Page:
A Good Enough Life

She said it is “good enough” for me. I wasn’t sure what she meant and considered the possibilities. Good enough for a child? An African child? Or, perhaps she was talking about the fact that I am a girl. But then again, the boys are forced to work as equally hard as the girls are, and I had also witnessed many boys beaten until bright red blood spilled from their skin.

Then I thought maybe it wasn’t any of those things at all, because I had watched with envy as boys and girls dressed neatly in their school uniforms passed me on the road each day; they carried their books proudly while I balanced the large bowl of water on my head. Then it dawned on me that perhaps I had been sentenced to this life that I should consider “good enough” simply because I was discarded by my mother and left at an orphanage.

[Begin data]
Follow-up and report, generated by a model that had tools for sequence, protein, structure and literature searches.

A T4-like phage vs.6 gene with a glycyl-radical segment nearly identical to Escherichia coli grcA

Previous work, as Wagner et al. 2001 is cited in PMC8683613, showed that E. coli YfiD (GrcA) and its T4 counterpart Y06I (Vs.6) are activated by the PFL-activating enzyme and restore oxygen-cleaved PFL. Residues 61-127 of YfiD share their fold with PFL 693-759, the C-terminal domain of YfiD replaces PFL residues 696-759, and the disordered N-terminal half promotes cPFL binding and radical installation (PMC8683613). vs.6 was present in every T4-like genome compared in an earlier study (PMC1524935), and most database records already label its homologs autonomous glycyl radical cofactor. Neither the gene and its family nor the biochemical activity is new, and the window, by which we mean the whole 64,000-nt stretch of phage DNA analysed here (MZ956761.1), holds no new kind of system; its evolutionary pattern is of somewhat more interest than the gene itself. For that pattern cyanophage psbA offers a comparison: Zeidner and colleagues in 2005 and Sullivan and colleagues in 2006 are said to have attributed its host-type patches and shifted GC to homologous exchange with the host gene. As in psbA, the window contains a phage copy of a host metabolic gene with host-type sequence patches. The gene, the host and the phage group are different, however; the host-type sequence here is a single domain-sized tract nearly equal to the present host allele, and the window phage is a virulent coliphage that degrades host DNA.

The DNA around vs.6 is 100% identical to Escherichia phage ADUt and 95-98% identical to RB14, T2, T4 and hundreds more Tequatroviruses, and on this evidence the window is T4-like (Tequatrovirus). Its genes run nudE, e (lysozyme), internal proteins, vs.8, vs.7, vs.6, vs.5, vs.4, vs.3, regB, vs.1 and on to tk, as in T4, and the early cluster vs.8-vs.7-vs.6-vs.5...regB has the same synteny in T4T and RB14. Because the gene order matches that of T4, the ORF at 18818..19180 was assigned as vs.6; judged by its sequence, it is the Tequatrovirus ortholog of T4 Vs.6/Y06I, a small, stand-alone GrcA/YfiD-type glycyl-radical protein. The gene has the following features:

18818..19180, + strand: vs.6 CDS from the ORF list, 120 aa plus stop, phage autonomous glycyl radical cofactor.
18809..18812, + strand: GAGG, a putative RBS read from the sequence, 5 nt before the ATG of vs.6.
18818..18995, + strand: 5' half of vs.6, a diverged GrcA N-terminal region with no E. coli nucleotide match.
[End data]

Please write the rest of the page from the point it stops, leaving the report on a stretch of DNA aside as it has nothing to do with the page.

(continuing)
We walked along the dusty road lagging behind the other children. It was hard to see our way before sunrise, but I had walked this road so many days now that my feet took me automatically where my eyes could not. I pondered on her words for several minutes and then broke the silence, “Yayra, what is it that you mean by ‘good enough?’”

“Only that it could be worse, so it is not wise to complain,” she whispered.

“Worse?” I raised my voice, “But how? We are forced to work long days, my body hurts, and MY stomach cries while all this work we do makes HIS stomach grow fatter and fatter!”

“Shh! Lower your voice, Mawunyo,” Yayra was shaking her head back and forth and making a smacking sound with her lips that underscored her disapproval of my behavior. Yayra was four years older than me and though I generally looked up to her, I was confused by her acceptance of what had become our life at the orphanage.